Does Settling an OSHA Citation Make Good Business Sense?

Does Settling an OSHA Citation Make Good Business Sense?

This article was previously published in the 2023 April issue of American Cranes & Transport Magazine

Shortly after issuing a citation to an employer, OSHA will often agree to reduce the penalty amount provided the employer agrees not to contest it. But could agreeing not to contest your citation invite further trouble? Possibly. At the very least, contractors should give the issue considerable thought before entering into an early settlement with OSHA. And if you do decide to settle, always work to get the citation reduced to an “Other than Serious” status. Many of the companies you work with will overlook “Other than Serious” citations but will frown on “Serious” citations and above. It may even eliminate your company from bidding on projects.

The reality is that settling with OSHA could have all sort of unexpected consequences. It could damage your industry reputation, expose your brand to negative press, lead to decreased competitiveness, trigger the loss and/or disqualification of private and public contracts, force you to refactor your safety plan, affect your experience modification factor, and result in increased insurance costs.

There are times when it still might make sense, but you need to understand exactly what the risks are and act accordingly.

Three options

The first thing to remember when it comes to receiving an OSHA citation is that you should never ignore it—or you may give up critical rights. Once you have the citation, you have 15 business days to appear at an informal conference and/or contest it.

You have three basic options when responding: accept the citation as-issued (this is never the best option); request an informal conference and attempt to settle, or convince OSHA to withdraw the citation; or contest one or more parts of the citation.

Consider the whole picture

In most cases, OSHA will be willing to reduce the penalty amount at the informal conference. While settling a citation for less may be an attractive option – and make financial sense in the short term – it’s important to take a longer view of the future potential harm to your business.

First, all of your sites are fair game for OSHA, meaning an additional citation at a different worksite could result in a “repeat” or “willful” violation—which carry penalties of up to $156,259 per violation.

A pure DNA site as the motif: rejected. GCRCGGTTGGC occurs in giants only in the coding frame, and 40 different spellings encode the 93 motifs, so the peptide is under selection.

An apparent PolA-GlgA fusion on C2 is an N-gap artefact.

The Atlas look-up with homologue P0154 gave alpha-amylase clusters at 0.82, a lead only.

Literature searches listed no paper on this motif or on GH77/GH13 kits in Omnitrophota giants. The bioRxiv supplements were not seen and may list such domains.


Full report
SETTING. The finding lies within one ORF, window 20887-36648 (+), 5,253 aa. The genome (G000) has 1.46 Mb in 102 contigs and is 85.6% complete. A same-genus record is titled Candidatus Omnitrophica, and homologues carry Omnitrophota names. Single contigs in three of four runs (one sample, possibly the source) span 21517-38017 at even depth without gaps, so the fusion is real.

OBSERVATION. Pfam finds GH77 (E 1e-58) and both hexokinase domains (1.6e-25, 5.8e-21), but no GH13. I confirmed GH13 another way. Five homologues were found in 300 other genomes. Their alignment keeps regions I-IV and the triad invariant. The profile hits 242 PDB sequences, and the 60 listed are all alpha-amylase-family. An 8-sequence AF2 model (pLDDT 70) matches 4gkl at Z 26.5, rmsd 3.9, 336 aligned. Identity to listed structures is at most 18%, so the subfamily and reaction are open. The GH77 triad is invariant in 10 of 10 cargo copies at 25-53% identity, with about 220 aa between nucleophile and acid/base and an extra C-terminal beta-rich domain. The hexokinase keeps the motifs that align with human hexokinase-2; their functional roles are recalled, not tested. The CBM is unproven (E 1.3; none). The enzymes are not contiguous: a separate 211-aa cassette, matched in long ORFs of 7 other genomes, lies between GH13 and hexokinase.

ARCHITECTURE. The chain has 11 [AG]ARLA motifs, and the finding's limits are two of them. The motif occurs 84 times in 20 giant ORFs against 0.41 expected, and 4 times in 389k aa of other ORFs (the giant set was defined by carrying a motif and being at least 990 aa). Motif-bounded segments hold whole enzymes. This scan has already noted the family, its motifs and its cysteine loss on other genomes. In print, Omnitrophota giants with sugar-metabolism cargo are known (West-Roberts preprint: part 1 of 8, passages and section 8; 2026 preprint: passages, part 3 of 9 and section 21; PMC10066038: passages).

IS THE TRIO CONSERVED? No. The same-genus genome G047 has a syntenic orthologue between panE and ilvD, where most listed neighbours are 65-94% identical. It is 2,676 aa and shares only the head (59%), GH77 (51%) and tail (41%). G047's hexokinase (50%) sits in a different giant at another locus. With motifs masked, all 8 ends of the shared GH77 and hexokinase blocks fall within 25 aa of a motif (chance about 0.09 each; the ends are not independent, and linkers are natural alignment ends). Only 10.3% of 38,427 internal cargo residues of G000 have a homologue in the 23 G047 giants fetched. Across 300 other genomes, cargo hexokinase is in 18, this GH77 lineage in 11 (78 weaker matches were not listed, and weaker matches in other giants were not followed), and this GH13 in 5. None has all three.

If the initial citation relates to recurring hazards inherent in your operations (e.g., working at heights), there may be an increased risk of the same, or substantially similar, conduct occurring in the future, despite your best efforts to maintain an OSHA-compliant site at all times.

Second, a citation may also be admissible as evidence of negligence in any subsequent personal injury or wrongful death case. Although state workers’ compensation laws may prevent an injured employee from taking direct action against his or her employer, the employer may nevertheless be impleaded into the case by the direct defendants.

Also, in view of OSHA’s multi-employer citation policy, multiple entities at a construction site can be deemed an employer and cited. As a result, a citation may be admissible as evidence of negligence, or “negligence per se” in some states, against any of these “employers.”

For these reasons, it is critical that any settlement agreement expressly state that the violation is not to be taken as an admission of guilt for the purpose of any proceeding other than one arising under the Occupational Safety and Health Act.

Consider contesting instead of settling

It is important to give an OSHA citation significant attention. Analyze it thoroughly, strategically and through a legal lens. Can OSHA satisfy its burden of proof and establish the four elements necessary to prove a violation? Are any affirmative defenses applicable? Is the citation factually inaccurate, misleading or incomplete? Do witnesses exist who can rebut OSHA’s claims?

If the answer to any of these questions is “yes,“ contesting a citation is often the best option. By doing so, you’ll be given time to fully investigate the situation and present your side of the story – plus surface your evidence – at a future hearing.

Several NBIS policyholders have experienced the benefit of contesting OSHA citations by working with Michael Rubin of Ogletree Deakins. If you find yourself facing an OSHA citation, having an experienced attorney can make all the difference. Call 877-720-RMSS and ask someone from the NBIS Risk Management Team how to qualify for preferred pricing as an NBIS Insured.